Presidential polls: MNS chief Raj Thackeray says the President’s post is a ‘rubber stamp’ | mumbai news | Hindustan Times
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Presidential polls: MNS chief Raj Thackeray says the President’s post is a ‘rubber stamp’

Mumbai city news: Raj said that the president did not impact the life of the common man in any way and the post was a rubber stamp for the party in power.

mumbai Updated: Jun 26, 2017 14:26 IST
Manasi Phadke
MNS chief Raj Thackeray.
MNS chief Raj Thackeray.(HT FILE)

Ahead of the presidential election next month, Maharashtra Navnirman Sena (MNS) chief Raj Thackeray courted controversy by saying that the country’s president is simply a rubber stamp post and has no use for the common person.

Thackeray said, “The president is a rubber stamp. The party in power gets to have this rubber stamp.”

He added that the president did not impact the life of the common man in any way. “I feel bad looking at the politics surrounding a presidential election. But keeping politics aside, how does who becomes president affect our lives?Presidents are only seen on August 15 and January 26. Who knows what they do for five years other than this?” he said.

Thackeray said people keep writing letters and emails to the president about issues that grip the country, but never get replies. “The last issue I remember where a president was involved was in the capital punishment of 1993 blasts convict Yaqub Memon. Otherwise, in your life, in my life, how does a president make a difference? Has a president ever stated his point of view on anything? There have been so many issues right from the Maratha protests to the farmers’ agitation. What did the president do?” the MNS chief said.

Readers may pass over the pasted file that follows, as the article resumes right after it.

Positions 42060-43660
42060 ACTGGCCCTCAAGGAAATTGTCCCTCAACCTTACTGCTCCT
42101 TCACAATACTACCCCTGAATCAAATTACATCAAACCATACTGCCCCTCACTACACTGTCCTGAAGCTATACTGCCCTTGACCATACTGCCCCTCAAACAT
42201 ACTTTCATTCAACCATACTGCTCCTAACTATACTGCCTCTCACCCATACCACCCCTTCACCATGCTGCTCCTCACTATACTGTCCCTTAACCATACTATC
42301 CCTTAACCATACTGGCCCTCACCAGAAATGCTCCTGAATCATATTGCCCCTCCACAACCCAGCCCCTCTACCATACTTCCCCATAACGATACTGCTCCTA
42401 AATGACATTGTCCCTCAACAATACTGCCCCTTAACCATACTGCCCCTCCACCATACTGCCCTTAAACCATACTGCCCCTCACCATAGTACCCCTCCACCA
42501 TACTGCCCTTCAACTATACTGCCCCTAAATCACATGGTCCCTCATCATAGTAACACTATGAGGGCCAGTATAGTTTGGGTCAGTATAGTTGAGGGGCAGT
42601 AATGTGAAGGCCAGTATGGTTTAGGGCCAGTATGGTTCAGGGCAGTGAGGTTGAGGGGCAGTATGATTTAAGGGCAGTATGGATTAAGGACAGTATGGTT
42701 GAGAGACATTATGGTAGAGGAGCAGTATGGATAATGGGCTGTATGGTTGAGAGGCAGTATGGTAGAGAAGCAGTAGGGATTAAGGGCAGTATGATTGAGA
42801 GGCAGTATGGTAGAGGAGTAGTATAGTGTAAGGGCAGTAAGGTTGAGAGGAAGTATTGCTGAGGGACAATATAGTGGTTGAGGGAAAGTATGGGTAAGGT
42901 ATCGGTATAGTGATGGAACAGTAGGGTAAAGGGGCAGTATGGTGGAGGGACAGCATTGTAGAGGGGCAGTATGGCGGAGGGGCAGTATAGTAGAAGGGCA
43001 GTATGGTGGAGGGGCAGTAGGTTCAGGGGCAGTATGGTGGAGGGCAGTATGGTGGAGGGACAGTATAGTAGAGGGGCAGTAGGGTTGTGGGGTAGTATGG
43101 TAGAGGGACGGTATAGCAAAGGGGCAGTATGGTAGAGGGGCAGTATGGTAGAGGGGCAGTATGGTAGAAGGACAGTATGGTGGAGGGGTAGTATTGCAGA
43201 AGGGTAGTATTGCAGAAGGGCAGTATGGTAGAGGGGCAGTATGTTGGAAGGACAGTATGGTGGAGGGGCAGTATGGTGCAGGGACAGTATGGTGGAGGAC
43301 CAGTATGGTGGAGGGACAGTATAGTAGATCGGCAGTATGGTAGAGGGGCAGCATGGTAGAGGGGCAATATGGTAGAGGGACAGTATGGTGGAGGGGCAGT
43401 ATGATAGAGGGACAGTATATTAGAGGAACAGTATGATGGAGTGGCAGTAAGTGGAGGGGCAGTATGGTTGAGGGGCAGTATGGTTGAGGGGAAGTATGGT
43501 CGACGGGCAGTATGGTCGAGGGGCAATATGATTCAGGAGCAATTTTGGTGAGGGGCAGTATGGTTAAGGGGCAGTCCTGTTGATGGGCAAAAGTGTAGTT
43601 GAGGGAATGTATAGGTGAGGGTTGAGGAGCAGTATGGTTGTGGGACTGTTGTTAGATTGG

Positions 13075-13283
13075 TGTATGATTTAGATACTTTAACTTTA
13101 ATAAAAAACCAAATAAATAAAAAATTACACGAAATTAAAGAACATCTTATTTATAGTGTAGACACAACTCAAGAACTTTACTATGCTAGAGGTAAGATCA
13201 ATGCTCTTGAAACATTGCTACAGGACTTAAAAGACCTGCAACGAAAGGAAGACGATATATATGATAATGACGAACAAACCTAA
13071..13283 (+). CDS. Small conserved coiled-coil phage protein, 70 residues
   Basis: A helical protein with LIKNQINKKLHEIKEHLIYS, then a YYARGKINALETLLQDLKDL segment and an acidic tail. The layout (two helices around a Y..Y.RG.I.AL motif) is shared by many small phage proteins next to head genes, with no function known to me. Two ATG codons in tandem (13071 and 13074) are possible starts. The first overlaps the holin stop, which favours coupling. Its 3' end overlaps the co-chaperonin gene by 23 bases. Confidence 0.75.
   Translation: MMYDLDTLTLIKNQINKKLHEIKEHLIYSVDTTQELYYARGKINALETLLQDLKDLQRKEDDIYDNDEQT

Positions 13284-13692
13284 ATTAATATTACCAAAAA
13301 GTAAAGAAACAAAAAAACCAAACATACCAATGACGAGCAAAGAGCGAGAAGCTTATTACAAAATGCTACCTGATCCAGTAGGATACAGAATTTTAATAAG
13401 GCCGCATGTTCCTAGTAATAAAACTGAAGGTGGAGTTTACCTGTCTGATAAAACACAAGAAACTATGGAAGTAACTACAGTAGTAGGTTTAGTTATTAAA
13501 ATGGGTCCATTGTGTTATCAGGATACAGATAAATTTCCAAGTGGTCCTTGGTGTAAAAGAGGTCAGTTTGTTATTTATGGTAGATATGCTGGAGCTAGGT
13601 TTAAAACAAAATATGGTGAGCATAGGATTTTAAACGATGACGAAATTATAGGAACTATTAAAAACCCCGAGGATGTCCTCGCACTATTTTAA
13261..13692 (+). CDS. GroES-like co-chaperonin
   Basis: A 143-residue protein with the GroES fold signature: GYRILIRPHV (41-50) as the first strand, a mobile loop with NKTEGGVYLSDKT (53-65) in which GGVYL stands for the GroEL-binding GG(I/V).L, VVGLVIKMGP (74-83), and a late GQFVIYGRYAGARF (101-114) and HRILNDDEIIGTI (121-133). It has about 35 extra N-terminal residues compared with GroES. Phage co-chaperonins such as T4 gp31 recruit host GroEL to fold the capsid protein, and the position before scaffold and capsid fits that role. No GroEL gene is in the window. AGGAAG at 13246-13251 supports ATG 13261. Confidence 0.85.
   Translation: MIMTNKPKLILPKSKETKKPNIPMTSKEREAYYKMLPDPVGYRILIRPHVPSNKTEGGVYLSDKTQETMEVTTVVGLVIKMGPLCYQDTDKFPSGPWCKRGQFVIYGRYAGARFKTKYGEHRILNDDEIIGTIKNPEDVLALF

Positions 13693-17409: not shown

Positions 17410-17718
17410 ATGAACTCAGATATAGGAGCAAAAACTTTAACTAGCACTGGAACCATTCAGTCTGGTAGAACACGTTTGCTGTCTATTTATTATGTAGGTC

Voting for the presidential election is scheduled on July 17, while the counting takes place on July 20, four days before President Pranab Mukherjee’s term ends. The National Democratic Alliance picked its candidate first, former Bihar governor Ram Nath Kovind, who is a Dalit. A few opposition leaders such as Bihar chief minister Nitish Kumar broke ranks to announce their support for the NDA candidate. NDA ally Shiv Sena made a veiled accusation of the Bharatiya Janata Party (BJP) indulging in vote bank politics, but later announced its support for Kovind.

A few days later, the opposition picked its presidential candidate, former Lok Sabha Speaker Meira Kumar, also a Dalit, prompting some leaders such as Bahujan Samaj Party president Mayawati to return to its fold.